(ESSAY) Safety Not Guaranteed

November 4, 2012                                                                          Religion Dispatches

Looking at the online flood zone map of our neighborhood, I feel calm.
NYC Flood Zone Evacuation Map
I’m a bit of a map freak and I appreciate how clearly this one presents the information and how easily I can navigate within it. I know, vaguely, that the East Village is vulnerable to flooding from the East River but now I can see the facts. Zooming in, I see the exact boundaries of Zone A—the mandatory evacuation zone. It extends from the river up to the public housing blocks along FDR Drive, to the German Biergarten on Avenue C, up to Sheens on Avenue B, the bodega where you can spend $8 on a carton of milk and toilet paper.

We live just to the west of Avenue B—bright red on the map, along with everything to the east. Mayor Bloomberg has ordered everyone living in the Red zone to evacuate. The storm looks big on the satellite images, really gnarly.  (more)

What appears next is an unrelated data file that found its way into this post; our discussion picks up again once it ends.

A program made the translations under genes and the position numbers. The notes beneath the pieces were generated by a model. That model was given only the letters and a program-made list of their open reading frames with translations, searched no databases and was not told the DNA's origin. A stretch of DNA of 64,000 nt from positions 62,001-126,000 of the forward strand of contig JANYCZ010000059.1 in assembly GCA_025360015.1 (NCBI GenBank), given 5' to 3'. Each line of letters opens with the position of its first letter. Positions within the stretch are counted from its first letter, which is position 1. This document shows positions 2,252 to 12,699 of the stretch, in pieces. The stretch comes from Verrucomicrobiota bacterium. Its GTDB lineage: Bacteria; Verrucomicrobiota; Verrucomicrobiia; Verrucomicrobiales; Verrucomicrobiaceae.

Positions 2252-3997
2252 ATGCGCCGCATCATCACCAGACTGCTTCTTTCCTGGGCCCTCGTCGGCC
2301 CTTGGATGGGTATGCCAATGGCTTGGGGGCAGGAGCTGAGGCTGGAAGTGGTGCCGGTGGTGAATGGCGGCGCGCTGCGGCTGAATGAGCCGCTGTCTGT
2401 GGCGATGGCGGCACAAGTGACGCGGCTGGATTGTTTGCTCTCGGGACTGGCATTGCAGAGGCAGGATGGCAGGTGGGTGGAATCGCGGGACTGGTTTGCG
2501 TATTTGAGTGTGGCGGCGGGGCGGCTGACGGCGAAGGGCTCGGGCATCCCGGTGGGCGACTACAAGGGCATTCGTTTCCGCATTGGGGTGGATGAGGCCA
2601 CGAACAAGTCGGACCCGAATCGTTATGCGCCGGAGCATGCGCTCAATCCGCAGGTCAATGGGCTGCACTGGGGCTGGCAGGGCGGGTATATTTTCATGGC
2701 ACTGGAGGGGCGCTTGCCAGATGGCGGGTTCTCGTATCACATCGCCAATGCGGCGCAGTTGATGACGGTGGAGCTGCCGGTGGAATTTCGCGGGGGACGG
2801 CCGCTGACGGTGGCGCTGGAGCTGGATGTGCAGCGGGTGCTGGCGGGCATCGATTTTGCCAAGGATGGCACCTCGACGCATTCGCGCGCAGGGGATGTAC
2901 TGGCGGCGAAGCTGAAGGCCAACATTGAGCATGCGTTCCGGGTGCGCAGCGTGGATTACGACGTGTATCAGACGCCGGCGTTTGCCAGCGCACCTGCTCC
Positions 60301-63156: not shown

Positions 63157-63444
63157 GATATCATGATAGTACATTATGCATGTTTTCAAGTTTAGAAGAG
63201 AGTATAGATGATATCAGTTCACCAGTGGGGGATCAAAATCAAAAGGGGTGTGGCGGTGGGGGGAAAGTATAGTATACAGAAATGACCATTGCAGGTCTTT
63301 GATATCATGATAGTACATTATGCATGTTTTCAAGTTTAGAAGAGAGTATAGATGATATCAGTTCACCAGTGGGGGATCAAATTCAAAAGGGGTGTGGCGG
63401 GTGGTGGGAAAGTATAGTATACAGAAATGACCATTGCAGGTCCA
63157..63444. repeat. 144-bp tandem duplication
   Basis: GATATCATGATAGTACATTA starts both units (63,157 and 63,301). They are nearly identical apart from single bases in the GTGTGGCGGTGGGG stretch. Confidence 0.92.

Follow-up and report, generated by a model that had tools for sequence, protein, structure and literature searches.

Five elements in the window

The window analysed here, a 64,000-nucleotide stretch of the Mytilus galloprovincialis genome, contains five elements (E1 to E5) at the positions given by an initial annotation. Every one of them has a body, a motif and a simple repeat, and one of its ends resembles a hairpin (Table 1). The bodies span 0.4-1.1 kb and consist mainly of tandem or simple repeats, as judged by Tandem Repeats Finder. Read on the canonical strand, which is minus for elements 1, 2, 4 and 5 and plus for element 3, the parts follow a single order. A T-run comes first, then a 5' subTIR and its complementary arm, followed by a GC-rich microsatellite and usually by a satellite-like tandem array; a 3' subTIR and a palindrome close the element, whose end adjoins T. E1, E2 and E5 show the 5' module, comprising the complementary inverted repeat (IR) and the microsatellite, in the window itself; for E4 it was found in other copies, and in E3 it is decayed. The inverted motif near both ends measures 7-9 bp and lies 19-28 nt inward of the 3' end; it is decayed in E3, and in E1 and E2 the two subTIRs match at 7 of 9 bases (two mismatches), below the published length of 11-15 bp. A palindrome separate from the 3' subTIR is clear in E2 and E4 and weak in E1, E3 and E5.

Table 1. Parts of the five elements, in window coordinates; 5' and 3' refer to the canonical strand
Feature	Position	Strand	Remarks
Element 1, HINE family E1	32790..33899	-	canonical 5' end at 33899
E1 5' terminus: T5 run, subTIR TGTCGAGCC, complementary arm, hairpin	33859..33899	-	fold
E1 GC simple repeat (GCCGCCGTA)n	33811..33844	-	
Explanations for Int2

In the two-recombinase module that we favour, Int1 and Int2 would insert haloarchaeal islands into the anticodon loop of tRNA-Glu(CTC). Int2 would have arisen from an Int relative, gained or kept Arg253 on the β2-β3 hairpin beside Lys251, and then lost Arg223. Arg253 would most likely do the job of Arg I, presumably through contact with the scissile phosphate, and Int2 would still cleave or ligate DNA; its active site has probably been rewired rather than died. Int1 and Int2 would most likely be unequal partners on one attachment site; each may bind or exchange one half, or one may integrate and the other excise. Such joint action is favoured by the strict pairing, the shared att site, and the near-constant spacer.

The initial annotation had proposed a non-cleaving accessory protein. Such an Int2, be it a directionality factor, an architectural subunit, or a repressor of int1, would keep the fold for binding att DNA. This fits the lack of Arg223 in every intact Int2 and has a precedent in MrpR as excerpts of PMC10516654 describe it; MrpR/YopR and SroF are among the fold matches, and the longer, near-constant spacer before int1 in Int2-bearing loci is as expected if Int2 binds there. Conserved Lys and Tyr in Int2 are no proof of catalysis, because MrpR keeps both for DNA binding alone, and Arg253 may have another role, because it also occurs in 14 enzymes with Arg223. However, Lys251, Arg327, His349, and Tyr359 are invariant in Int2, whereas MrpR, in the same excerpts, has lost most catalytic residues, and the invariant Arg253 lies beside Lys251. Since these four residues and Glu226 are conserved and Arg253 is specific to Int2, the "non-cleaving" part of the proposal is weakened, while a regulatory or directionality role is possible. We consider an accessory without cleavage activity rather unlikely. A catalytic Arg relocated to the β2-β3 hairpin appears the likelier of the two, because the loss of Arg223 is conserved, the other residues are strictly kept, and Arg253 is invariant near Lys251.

Today’s Vineyards, Yesterday’s Tall Oaks

 April 21, 2012                                                  New York Times/The Bay Citizen

On a recent sunny day in the Napa Valley, Robin Grossinger cupped his hands around his eyes and surveyed the landscape. He said the scene gave him “a feeling of grandeur.”

Tidal marshlands. Courtesy CA Historical Society
He was not talking about the vistas of hillsides draped in vineyards, with their gnarled vines tinged green with new growth that by fall will be laden with the valley’s renowned cabernet sauvignon and other grapes. Mr. Grossinger, a scientist with the San Francisco Estuary Institute and author of the new Napa Valley Historical Ecology Atlas, had turned his gaze onto another charismatic species: a small line of valley oak trees.